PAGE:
The first federal ruling on COVID-19 vaccination mandates has been issued. A lawsuit was filed by staffers at Houston Methodist Hospital who refuse to receive a COVID-19 vaccination though the hospital is requiring that its staff is fully vaccinated. The judge ruled in favor of the hospital and against the staffers.
This is the latest update on a story we have been following. Houston Methodist Hospital suspended 178 staffers without pay last week for their failure to get fully vaccinated by the deadline. In May, a nurse was fired for failing to meet a deadline for vaccinations. She was let go after going to the local press with her refusal to get vaccinated against COVID-19. The hospital was sending a clear message that either an employee get the vaccination or they will lose their jobs. The hospital’s CEO Marc Bloom has been consistent in this mandate. No exceptions except for those employees who receive an exemption for religious reasons or health reasons. This nurse was denied an exemption.
The story continued last week as a walk-out was planned by disgruntled staff. The hospital learned of the plan, which was easy enough to do since this was reported in local media in advance, and refused to allow the protesters to do so on hospital property. A group of protesters ended up doing so on the sidewalk in front of the hospital. The unvaccinated staffers stated that they would not change their minds until the federal judge hearing their case ruled.
U.S. district judge Lynn N. Hughes, a Reagan nominee, dismissed the lawsuit on Saturday. The 117 employees who filed the lawsuit lost their bid to resist the hospital’s mandate.
U.S. district judge Lynn N. Hughes said in his ruling that claims that the vaccines are dangerous are “false, and it is also irrelevant.” Hughes noted that Texas law “only protects employees from being terminated for refusing to commit an act carrying criminal penalties to the worker,” and that receiving a COVID-19 vaccine “is not an illegal act.”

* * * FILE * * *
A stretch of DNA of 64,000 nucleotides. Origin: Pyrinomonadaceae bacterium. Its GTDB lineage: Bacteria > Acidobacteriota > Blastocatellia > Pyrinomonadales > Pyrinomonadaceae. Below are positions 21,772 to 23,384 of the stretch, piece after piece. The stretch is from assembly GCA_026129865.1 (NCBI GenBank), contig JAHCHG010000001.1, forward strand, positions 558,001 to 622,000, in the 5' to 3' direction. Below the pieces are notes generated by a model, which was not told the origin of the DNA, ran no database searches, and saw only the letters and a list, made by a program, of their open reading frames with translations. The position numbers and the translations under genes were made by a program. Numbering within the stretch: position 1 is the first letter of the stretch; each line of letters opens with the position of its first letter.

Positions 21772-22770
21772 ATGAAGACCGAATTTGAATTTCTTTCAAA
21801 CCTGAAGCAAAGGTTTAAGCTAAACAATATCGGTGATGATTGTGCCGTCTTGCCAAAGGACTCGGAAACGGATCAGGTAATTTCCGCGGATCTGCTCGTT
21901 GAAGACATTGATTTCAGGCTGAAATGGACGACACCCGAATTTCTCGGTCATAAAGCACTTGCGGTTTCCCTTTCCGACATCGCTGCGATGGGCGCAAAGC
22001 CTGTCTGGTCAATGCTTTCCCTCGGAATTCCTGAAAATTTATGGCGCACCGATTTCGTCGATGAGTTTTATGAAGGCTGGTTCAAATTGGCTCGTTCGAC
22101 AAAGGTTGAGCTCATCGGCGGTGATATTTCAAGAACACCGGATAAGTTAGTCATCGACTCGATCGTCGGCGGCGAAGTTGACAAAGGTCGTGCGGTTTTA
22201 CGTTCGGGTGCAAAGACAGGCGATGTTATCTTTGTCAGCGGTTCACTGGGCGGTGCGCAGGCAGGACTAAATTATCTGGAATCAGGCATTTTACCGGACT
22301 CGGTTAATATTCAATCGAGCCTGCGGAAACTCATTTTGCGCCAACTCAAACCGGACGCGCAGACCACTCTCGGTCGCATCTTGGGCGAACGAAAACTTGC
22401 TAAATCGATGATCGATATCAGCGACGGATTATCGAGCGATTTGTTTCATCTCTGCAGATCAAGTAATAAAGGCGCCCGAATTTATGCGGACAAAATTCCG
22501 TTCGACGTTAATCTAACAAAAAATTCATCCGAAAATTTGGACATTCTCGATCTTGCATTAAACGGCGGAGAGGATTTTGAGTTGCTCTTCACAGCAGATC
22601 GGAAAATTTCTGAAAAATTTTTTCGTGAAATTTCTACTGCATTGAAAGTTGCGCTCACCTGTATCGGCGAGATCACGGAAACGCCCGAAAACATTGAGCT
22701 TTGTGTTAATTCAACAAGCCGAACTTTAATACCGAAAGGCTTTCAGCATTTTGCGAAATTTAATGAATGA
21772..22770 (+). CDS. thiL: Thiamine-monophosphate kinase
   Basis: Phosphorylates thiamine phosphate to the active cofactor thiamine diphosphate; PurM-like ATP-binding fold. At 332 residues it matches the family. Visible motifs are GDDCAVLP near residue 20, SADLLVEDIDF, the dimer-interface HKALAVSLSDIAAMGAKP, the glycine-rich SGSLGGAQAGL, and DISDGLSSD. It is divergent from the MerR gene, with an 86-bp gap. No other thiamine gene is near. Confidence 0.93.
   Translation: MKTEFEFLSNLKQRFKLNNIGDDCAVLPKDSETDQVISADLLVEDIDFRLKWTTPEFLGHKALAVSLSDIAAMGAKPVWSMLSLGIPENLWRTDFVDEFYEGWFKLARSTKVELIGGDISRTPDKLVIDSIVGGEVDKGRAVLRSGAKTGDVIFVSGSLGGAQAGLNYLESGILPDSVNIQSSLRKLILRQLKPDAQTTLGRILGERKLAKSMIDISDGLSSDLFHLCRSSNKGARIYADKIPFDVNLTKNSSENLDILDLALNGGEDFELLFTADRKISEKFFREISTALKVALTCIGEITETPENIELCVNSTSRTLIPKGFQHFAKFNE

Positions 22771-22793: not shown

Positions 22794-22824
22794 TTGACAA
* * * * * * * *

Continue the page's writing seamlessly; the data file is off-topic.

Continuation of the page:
Hughes also wrote in his ruling that the hospital’s requirement does not violate federal law or public policy, and took issue with the lawsuit comparing the requirement to get vaccinated with Nazi medical experiments during the Holocaust.
“Equating the injection requirement to medical experimentation in concentration camps is reprehensible,” Hughes wrote. “Nazi doctors conducted medical experiments on victims that caused pain, mutilation, permanent disability, and in many cases, death.”
Jared Woodfill, the attorney representing the employees, said that this is just round one in the fight. Woodfill is a Republican activist and former chairman of the Harris County Republican Party.
The employees’ lawyer, Jared Woodfill responded in a statement Saturday, “This is just one battle in a larger war to protect the rights of employees to be free from being forced to participate in a vaccine trial as a condition for employment.”
He said they would appeal to the U.S. Supreme Court “if necessary.”
All 178 employees were suspended Tuesday. The ruling by Hughes goes point by point and addresses each complaint. “Texas does not recognize this exception to at-will employment.”
Judge Hughes said that the lawsuit, led by nurse Jennifer Bridges, was dismissed because “Texas law only protects from being terminated for refusing to commit an act carrying criminal penalties to the worker.” Bridges had to show she was mandated to commit an illegal act that carries criminal penalties, she refused to commit an illegal act, she was discharged, and the only reason for discharge is that she refused to perform the illegal act. The judge ruled that the vaccination mandate is not coercion. Bridges claims to be expected to be a “human guinea pig” and the judge ruled against that point, too. If she refuses, she simply has to go elsewhere to work.
The Nuremberg reference is found to be particularly odious.
Plaintiffs, he said, “misconstrued” the law and “misrepresented the facts” of vaccination, including that the requirement amounted to forced medical experimentation because Covid-19 vaccines have received emergency Food and Drug Administration authorization but not full approval.
Hughes also knocks down a comparison to forced medical experiments in Nazi Germany.
“Equating the injection requirement to medical experimentation in concentration camps is reprehensible,” he wrote.
Houston Methodist Hospital CEO Marc Bloom released a brief statement Saturday after the ruling. “We can now put this behind us and continue our focus on unparalleled safety, quality, service and innovation.” His position on behalf of the hospital all along has been that hospital staff has an obligation to protect patients and being fully vaccinated is part of that protection. This is likely not the last we will hear about this case. Other hospitals and businesses are watching to see how it plays out as the country re-opens.
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